Volume 10, 1984
Singer, Moore, and the Metaphysics of Morals
In this paper, I argue that Marcus G. Singer’s attack on Actual Consequence Utilitarianism, as held by G.E. Moore, is inconclusive. Singer contends that Moore’s view is incoherent because it cannot provide a criterion of moral rightness and wrongness. Singer makes the historical claim that Moore intended his theory to provide such a criterion and the philosophical claim that any moral theory must provide such a criterion.
I contend that Singer’s historical claim is false. While Moore uses the terms ‘criterion’ and ‘test’ in connection with his moral theory, an examination of Moore’s use of the terms shows that this notion does not involve the verifiability that is at the heart of Singer’s understanding of ‘criterion’.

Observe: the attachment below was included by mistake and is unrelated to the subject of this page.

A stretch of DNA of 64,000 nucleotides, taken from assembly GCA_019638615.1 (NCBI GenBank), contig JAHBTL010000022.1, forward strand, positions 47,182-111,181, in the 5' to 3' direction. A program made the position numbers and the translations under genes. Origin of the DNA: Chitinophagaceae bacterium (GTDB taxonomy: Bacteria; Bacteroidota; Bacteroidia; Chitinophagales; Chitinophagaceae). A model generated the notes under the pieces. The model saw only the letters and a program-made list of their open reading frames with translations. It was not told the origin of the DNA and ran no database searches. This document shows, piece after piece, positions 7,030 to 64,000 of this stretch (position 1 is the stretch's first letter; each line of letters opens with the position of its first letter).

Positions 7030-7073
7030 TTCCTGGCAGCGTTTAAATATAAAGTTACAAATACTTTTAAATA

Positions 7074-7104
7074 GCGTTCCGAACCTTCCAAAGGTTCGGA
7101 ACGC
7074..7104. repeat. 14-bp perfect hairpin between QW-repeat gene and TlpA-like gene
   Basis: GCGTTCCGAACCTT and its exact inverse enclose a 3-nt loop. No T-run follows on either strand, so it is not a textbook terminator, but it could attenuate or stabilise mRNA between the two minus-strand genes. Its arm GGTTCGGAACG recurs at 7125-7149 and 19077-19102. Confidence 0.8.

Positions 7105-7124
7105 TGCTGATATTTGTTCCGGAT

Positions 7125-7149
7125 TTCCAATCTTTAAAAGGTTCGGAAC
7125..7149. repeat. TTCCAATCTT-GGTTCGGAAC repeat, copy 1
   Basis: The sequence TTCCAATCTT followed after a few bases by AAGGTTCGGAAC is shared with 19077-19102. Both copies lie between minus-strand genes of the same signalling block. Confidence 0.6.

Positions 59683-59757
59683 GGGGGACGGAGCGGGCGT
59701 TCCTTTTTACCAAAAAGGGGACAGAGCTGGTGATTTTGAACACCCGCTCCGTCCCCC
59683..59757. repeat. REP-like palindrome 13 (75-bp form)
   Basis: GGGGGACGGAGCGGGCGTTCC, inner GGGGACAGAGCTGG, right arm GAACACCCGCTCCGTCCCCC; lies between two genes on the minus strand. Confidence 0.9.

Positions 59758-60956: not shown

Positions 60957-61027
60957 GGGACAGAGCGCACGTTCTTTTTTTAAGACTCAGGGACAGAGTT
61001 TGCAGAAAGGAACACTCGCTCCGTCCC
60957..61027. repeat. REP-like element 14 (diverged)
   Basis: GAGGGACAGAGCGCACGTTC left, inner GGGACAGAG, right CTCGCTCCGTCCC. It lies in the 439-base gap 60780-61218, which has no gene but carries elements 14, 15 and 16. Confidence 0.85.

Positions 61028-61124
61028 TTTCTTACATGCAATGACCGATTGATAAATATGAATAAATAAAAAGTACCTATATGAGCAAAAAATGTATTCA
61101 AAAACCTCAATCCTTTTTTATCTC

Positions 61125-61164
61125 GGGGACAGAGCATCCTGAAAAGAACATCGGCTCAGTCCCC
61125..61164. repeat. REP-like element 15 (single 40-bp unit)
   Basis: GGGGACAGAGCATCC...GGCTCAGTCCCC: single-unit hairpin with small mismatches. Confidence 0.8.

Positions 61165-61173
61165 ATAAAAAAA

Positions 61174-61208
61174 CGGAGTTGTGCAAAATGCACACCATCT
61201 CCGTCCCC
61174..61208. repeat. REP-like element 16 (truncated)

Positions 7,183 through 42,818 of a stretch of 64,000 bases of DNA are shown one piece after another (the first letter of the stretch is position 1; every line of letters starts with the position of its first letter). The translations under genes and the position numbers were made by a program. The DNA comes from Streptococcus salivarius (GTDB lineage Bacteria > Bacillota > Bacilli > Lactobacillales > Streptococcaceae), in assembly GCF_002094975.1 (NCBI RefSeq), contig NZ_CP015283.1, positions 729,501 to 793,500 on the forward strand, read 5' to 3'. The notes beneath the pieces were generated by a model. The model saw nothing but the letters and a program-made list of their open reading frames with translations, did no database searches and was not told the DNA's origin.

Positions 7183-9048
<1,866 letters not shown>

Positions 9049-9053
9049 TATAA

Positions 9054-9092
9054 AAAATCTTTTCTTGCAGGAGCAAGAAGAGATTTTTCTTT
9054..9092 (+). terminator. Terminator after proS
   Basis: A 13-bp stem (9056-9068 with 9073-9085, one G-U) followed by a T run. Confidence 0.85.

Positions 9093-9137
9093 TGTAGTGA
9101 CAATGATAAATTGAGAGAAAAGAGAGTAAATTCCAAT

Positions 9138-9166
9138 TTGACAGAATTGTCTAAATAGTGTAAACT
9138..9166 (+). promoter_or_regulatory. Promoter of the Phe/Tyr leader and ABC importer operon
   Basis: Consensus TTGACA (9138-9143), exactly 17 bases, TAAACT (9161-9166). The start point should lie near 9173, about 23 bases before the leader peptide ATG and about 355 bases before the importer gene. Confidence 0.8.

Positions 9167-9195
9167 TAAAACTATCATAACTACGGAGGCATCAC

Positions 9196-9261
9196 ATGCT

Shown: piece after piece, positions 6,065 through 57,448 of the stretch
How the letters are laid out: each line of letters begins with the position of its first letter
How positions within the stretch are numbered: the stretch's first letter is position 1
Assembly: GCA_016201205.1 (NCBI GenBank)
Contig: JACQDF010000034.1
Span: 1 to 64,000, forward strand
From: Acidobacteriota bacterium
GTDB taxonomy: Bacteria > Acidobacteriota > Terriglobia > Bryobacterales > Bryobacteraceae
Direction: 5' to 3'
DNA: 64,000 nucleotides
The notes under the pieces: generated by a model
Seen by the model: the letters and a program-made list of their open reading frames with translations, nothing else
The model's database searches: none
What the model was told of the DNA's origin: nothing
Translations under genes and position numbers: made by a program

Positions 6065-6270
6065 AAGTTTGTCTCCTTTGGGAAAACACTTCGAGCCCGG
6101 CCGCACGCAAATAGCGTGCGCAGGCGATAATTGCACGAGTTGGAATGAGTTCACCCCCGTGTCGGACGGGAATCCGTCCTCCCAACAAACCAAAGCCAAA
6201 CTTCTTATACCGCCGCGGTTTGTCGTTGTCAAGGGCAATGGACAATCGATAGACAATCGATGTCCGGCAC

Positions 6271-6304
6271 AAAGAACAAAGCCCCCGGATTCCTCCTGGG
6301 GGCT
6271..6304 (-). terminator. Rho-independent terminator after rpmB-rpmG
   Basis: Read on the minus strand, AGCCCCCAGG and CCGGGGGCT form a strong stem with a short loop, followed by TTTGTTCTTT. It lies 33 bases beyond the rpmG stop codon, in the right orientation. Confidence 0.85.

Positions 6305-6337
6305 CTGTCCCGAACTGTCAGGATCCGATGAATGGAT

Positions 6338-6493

I then argue that Singer’s claim that moral judgments be verified begs the question against Moore’s realism. I argue that Singer must either reject semantic realism in general or give up the view that moral judgments are objectively true or false.